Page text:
- The Oxford Handbook of the History of Eugenics
- Introduction: Eugenics and the Modern World
- The Darwinian Context: Evolution and Inheritance
- Anthropology, Colonialism, and Eugenics
- Race, Science, and Eugenics in the Twentieth Century
- Eugenics and the Science of Genetics
- Fertility Control: Eugenics, Neo-Malthusianism, and Feminism
- Disability, Psychiatry, and Eugenics
- Eugenics and the State: Policy-Making in Comparative Perspective
- Internationalism, Cosmopolitanism, and Eugenics
- Gender and Sexuality: A Global Tour and Compass
- Eugenics and genocide
- Eugenics in Britain: The View from the Metropole
- South Asia's Eugenic Past
- Eugenics in Australia and New Zealand: Laboratories of Racial Science
- Eugenics in China and Hong Kong: Nationalism and Colonialism, 1890s–1940s
- South Africa: Paradoxes in the Place of Race
- Eugenics in Colonial Kenya
- Eugenics in Postcolonial Southeast Asia
- German Eugenics and the Wider World: Beyond the Racial State
- Eugenics in France and the Colonies
- Eugenics in the Netherlands and the Dutch East Indies
- The Scandinavian States: Reformed Eugenics Applied
- The First-Wave Eugenic Revolution in Southern Europe: Science <i>sans frontières</i>
- Eugenics in Eastern Europe, 1870s–1945
- Eugenics in Russia and the Soviet Union
- Eugenics in Japan: Sanguinous Repair
- Eugenics in Interwar Iran
- Eugenics and the Jews
- Eugenics Policy and Practice in Cuba, Puerto Rico, and Mexico
- The Path of Eugenics in Brazil: Dilemmas of Miscegenation
- Eugenics in the United States
- Eugenics in Canada: A Checkered History, 1850s–1990s
- Epilogue: where did eugenics go?
Abstract and Keywords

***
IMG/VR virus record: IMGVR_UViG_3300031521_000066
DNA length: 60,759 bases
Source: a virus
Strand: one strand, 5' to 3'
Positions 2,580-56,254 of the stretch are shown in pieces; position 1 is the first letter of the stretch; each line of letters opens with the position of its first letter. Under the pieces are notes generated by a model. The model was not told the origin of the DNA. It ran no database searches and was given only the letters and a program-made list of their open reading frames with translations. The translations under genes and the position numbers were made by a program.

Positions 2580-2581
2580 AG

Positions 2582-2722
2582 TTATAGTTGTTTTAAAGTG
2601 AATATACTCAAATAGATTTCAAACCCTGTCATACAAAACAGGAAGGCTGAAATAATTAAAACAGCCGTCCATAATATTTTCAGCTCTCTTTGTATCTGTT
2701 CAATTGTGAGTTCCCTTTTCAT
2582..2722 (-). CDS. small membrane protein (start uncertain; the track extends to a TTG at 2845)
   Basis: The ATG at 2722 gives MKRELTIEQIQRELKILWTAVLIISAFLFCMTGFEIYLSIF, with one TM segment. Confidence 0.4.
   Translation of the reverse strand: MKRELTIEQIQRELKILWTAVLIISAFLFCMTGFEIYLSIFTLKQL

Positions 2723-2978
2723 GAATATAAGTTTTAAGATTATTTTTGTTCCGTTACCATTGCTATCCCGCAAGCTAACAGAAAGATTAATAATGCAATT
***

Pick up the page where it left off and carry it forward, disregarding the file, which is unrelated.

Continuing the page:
This article summarizes both the history and the historiography of eugenics across the world and that indicates new lines of inquiry that have evolved in recent years. It demonstrates that eugenics rapidly has become a shared language and ambition in cultures and locations that were otherwise radically different. It discusses the complicated relationship between the unconditional advocacy of contraception by neo-Malthusians and the cautious ambivalence typical of eugenicists. This article extends the analysis of eugenics through gender by addressing the question of masculinity and the subjectivity of eugenic advocates. This article analyzes the transnational themes in eugenics and surveys the important question of place-based differences in eugenic aims, methods, policies, and outcome. Eugenics invokes a modern political history in which individuals have been subsumed within collectives and their perceived interests and soon became a signal for, and almost a symbol of, modernization.
Philippa Levine is the Mary Helen Thompson Centennial Professor in the Humanities at the University of Texas at Austin. Her books include Prostitution, Race and Politics: Policing Venereal Disease in the British Empire, and The British Empire, Sunrise to Sunset.
Alison Bashford is Professor of Modern History at the University of Sydney. She has published widely on the modern history of science and medicine, including Purity and Pollution (1998) and Imperial Hygiene (2004), and has coedited Contagion (2001), Isolation (2003), and Medicine at the Border (2006). She is currently completing a history of geopolitics and the world population problem in the twentieth century. In 2009-2010 she was Visiting Chair of Australian Studies, Harvard University, with the Department of the History of Science.
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